"What was done against Lula shows how far the enemies go. The judicialization of the leaders of the left is an imperial monster to increase their dominance over the peoples of #OurAmerica (#NuestraAmérica)"
Lula da Silva, leader of the Workers Party (Partido de Los Trabajadores) and who ran for the presidency of Brazil in 2018, was removed from the electoral dispute when he was condemned by judge Sergio Moro, accused of alleged corruption in the case of the triplex apartment in the coastal area from Guaruja, in Sao Paulo.
After serving 580 days in prison, he was released on November 8, 2019, and remains in a legal battle to dismantle all the allegations of the process against him.
On Wednesday, Brazil's Supreme Federal Court granted the former president's defense access to all the documents used in the Odebrecht construction company's deal, which are of interest to his defense.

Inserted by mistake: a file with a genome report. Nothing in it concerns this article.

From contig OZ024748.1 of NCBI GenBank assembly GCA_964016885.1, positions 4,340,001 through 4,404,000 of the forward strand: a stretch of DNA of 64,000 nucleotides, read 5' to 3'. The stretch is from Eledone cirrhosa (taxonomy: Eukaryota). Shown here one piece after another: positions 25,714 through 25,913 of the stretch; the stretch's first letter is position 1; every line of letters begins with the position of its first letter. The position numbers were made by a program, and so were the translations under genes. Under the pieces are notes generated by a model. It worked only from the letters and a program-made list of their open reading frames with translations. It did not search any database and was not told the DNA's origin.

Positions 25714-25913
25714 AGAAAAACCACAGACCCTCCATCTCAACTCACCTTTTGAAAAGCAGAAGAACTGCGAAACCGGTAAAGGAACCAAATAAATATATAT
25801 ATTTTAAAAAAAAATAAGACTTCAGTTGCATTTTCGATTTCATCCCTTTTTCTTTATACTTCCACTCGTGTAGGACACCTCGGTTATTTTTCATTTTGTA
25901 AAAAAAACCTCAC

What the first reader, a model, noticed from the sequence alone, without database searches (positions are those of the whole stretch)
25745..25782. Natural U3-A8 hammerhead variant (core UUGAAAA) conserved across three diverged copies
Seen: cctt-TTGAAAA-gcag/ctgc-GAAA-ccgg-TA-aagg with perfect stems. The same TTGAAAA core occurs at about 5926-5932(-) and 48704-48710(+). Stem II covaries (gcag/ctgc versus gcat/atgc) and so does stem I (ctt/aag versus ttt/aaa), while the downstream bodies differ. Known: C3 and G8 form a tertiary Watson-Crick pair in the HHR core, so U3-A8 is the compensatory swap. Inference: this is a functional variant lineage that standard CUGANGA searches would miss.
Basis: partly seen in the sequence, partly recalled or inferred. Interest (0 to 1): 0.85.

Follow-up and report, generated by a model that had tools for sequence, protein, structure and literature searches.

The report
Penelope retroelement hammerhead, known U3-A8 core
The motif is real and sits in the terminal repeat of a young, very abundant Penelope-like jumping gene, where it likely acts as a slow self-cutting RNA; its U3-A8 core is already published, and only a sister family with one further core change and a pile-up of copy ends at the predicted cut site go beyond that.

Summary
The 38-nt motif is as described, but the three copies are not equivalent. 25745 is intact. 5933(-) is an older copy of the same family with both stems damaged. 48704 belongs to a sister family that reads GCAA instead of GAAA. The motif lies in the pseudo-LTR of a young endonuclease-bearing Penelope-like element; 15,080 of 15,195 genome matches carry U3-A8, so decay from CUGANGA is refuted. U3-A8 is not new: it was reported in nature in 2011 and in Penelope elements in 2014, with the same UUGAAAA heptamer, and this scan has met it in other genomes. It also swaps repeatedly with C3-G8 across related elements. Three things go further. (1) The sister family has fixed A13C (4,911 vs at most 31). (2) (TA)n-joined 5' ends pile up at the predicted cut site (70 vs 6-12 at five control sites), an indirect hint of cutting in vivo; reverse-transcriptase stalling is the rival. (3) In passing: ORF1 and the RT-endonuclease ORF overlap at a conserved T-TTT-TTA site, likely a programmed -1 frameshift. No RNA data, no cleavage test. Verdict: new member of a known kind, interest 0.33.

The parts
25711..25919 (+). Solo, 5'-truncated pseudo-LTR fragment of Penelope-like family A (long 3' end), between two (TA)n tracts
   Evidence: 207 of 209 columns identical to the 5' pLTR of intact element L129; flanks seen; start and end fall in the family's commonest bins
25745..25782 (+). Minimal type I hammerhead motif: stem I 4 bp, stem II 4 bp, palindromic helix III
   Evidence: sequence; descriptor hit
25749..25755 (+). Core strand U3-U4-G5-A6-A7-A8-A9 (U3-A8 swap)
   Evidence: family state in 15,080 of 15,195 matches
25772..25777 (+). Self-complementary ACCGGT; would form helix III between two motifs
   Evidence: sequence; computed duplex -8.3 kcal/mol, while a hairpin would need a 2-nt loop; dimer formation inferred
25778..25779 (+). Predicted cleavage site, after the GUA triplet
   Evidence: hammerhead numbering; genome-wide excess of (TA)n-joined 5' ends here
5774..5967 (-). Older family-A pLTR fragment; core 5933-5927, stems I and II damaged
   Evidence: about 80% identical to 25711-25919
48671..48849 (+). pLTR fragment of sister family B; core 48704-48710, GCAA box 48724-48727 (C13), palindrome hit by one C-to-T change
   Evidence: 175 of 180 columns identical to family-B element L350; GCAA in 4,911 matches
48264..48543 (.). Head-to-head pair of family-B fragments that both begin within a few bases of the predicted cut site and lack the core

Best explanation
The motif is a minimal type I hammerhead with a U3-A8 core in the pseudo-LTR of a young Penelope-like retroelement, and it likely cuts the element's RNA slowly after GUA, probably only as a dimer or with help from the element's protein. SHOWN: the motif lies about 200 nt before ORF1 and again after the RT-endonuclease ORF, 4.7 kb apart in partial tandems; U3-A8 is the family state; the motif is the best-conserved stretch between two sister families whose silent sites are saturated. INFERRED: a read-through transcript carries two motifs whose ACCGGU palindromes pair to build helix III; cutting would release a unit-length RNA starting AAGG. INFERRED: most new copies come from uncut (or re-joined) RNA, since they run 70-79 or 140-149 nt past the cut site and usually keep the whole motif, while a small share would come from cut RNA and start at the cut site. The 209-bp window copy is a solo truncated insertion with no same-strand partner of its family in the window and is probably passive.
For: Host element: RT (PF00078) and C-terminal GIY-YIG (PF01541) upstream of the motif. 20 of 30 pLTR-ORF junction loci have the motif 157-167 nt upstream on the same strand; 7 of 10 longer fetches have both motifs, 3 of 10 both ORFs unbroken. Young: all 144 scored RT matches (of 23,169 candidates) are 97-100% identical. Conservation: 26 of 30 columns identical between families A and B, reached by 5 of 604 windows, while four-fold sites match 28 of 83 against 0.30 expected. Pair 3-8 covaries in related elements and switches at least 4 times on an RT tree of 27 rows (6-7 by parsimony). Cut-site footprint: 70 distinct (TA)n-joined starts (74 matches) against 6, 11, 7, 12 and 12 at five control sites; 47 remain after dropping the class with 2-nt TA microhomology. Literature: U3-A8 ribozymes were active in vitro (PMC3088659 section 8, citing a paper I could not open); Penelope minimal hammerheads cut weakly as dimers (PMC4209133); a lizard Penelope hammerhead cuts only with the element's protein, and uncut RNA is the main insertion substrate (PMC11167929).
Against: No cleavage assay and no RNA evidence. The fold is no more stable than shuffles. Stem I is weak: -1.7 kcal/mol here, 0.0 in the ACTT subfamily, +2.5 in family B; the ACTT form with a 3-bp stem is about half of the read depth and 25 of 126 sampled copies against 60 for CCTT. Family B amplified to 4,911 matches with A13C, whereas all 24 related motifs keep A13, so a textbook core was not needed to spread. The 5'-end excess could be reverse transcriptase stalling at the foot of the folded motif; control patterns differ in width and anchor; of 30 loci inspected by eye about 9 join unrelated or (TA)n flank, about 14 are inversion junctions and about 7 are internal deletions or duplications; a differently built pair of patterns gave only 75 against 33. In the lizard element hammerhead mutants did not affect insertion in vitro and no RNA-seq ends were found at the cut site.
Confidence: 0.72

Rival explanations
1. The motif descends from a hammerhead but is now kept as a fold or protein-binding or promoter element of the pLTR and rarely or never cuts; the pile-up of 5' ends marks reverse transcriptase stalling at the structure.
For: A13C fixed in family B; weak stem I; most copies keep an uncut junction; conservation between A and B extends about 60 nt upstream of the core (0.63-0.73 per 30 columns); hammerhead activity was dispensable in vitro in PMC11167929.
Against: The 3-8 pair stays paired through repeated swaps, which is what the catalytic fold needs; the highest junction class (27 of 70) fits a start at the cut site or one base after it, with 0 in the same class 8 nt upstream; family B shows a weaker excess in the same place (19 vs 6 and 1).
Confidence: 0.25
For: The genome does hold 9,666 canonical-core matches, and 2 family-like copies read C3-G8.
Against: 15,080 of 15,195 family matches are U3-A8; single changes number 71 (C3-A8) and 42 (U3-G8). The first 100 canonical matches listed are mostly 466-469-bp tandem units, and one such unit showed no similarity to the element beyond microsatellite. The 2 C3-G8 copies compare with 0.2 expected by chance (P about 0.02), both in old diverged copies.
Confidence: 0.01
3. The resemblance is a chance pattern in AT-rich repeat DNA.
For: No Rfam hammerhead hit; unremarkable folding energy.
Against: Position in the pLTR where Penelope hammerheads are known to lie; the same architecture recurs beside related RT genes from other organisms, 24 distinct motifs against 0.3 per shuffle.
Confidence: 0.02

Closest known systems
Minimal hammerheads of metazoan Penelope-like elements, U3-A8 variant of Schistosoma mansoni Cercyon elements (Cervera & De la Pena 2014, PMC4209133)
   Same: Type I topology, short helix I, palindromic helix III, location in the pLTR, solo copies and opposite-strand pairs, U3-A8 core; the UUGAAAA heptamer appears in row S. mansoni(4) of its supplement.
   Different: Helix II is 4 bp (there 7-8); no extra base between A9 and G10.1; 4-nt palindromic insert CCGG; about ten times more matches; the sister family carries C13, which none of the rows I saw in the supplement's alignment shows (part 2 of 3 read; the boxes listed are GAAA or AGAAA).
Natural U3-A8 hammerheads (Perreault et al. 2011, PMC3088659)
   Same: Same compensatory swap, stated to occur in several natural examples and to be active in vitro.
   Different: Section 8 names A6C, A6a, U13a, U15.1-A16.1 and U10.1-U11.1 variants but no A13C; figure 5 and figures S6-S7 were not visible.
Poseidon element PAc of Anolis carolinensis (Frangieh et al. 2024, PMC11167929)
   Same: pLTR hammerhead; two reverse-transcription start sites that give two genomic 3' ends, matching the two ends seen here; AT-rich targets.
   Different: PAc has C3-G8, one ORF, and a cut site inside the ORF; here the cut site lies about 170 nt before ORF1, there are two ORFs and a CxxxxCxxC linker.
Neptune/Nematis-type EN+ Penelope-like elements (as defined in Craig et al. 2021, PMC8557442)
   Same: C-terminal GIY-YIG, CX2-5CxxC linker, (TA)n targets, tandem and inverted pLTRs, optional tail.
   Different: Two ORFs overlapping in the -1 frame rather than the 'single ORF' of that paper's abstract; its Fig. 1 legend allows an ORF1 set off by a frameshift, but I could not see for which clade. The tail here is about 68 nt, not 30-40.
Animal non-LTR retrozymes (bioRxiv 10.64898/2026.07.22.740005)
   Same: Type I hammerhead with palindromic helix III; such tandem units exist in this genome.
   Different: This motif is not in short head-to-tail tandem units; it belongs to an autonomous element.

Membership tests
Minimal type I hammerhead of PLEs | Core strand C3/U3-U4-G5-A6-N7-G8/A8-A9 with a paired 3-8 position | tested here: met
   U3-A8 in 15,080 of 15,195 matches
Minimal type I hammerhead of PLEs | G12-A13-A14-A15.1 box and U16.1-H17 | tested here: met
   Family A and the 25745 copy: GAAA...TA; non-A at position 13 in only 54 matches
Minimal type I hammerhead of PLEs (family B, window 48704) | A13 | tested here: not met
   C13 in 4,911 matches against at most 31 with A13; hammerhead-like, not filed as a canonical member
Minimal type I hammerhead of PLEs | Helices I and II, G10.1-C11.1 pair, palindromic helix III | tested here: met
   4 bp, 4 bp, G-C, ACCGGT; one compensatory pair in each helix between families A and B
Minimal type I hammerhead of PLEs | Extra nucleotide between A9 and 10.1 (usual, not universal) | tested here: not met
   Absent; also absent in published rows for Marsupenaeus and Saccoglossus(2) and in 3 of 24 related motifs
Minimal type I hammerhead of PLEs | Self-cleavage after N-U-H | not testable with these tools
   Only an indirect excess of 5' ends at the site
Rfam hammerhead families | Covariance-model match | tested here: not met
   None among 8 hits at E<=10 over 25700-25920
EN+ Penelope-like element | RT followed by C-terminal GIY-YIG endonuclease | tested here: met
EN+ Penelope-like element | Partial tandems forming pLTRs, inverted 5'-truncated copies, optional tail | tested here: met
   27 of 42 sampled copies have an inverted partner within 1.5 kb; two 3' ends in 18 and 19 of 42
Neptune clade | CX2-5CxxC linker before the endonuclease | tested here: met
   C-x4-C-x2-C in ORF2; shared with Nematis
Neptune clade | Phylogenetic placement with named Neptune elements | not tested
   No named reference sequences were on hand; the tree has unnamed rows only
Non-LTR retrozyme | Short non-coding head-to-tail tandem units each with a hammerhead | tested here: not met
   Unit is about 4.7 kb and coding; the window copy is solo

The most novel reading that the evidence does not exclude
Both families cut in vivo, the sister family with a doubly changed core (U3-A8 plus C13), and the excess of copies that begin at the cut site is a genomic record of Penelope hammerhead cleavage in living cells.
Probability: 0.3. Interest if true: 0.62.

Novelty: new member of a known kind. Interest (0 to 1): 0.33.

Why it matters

At the same time, the Court withdrew an excerpt from the former Minister of Finance Antonio Palocci's complaint, which stated that Lula supposedly received 12 million reais (about $ 2.4 million) in Odebrecht properties to house the Lula Institute.
According to judicial sources, the second chamber of the STF will later judge another petition by the lawyers in which they question Moro's actions, which may lead to the annulment of the conviction in the case of the triplex apartment in Guaruja, Sao Paulo State.
The inclusion of the former Finance Minister's statement six days before the first round of the 2018 general elections in Brazil, was a sign of former Judge Sérgio Moro's bias. To this day, Moro's decision is considered politically motivated to disqualify the popular left-wing leader in the electoral dispute that ended up with the far-right wing Bolsonaro in power.
Like Lula, other progressive Latin American leaders have been victims of lawfare against them, such as the current Vice President of Argentina Cristina Fernandez, and Ecuador's former president, Rafael Correa.